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a silver-colored metal that is actually liquid at room temperature and which flows so easily and rapidly that it is sometimes called quicksilver
No one knows who discovered mercury, but the ancient Chinese, Egyptians, Greeks, Hindus, and Romans knew about the metal. It was named for the swift messenger of the gods in Roman mythology. Its chemical symbol comes from hydrargyrum, which is Latin for liquid silver.
atomic number 80
Most of the mercury used today comes from an ore called cinnabar. To obtain pure mercury, refiners heat cinnabar in a flow of air. Oxygen in the air combines with sulfur in the ore, forming sulfur dioxide gas and leaving mercury behind.
Spain is one of the world's leading producers of mercury. Large deposits of cinnabar also occur in Chile, China, the Czech Republic, Iran, Italy, Japan, Mexico, Peru, the Philippines, Russia, Turkey, and the United States. Alaska, California, and Nevada have the largest cinnabar deposits in the United States.
Mercury has many properties that make it useful. For example, it expands and contracts evenly when heated or cooled. It also remains liquid over a wide range of temperatures. Mercury thermometers use these properties to indicate temperature.
Mercury conducts electricity and is used in some electric switches and relays to make them operate silently and efficiently. Industrial chemical manufacturers use mercury in electrolysis cells to change substances with electricity. Mercury vapor, used in flourescent lamps, gives off light when electricity passes through it.
Various alloys containing mercury have many uses. Mercury alloys are called amalgams. They include silver amalgam, which was once commonly used to fill cavities in teeth. Many dry cell batteries contain amalgams of zinc and cadmium to prevent impurities from shortening the life of the battery.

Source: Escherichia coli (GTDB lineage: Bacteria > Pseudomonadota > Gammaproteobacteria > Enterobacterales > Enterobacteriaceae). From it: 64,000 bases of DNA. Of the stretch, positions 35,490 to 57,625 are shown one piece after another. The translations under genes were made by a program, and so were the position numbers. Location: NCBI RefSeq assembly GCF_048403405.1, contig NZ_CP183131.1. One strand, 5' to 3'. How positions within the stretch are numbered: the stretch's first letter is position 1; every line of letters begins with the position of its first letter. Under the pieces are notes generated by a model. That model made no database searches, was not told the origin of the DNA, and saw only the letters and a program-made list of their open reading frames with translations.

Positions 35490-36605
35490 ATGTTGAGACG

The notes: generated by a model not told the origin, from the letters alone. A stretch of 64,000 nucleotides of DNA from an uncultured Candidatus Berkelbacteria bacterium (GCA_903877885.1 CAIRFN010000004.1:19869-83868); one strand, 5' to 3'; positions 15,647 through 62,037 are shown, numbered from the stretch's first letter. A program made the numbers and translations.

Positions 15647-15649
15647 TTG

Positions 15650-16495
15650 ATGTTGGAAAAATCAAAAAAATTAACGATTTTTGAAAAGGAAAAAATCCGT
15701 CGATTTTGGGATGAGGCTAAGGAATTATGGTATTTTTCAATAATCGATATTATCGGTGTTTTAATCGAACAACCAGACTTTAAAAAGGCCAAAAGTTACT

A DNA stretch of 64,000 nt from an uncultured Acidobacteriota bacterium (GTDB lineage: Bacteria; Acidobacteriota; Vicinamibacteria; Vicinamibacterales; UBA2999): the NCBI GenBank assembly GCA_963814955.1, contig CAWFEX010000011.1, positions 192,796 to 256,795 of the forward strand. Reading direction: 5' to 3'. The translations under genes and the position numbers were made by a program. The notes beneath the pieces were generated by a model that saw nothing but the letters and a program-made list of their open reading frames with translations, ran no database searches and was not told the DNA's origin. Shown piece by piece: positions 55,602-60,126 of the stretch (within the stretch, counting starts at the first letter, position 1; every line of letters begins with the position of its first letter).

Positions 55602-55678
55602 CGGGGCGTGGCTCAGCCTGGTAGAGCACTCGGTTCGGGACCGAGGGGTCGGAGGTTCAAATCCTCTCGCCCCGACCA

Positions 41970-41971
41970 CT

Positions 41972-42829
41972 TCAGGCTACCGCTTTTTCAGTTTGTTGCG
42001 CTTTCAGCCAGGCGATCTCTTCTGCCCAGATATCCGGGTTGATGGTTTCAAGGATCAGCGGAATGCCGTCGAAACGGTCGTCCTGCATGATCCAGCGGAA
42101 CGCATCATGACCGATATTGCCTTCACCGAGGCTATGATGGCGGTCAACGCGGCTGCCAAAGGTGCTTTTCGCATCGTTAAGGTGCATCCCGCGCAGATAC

Chemists divide mercury compounds into two groups -- mercurous and mercuric.
Mercurous compounds include mercurous chloride, also called calomel, and mercurous sulfate. Calomel is an antiseptic used to kill bacteria. Mercurous sulfate is used to speed up certain tests on organic compounds.
Mercuric compounds include mercuric chloride, a powerful poison that surgeons once used to disinfect wounds. Most ammunition uses mercuric fulminate to set off its explosive. Paint manufacturers use mercuric sulfide in making a red pigment called vermilion. Mercury batteries contain mercuric oxide.
Several organic mercuric compounds have important medical uses. Some medicines called diuretics, which are used to treat kidney disease, contain such compounds. The antiseptic Mercurochrome is also a mercuric compound.
This page was last updated on 02/01/2017.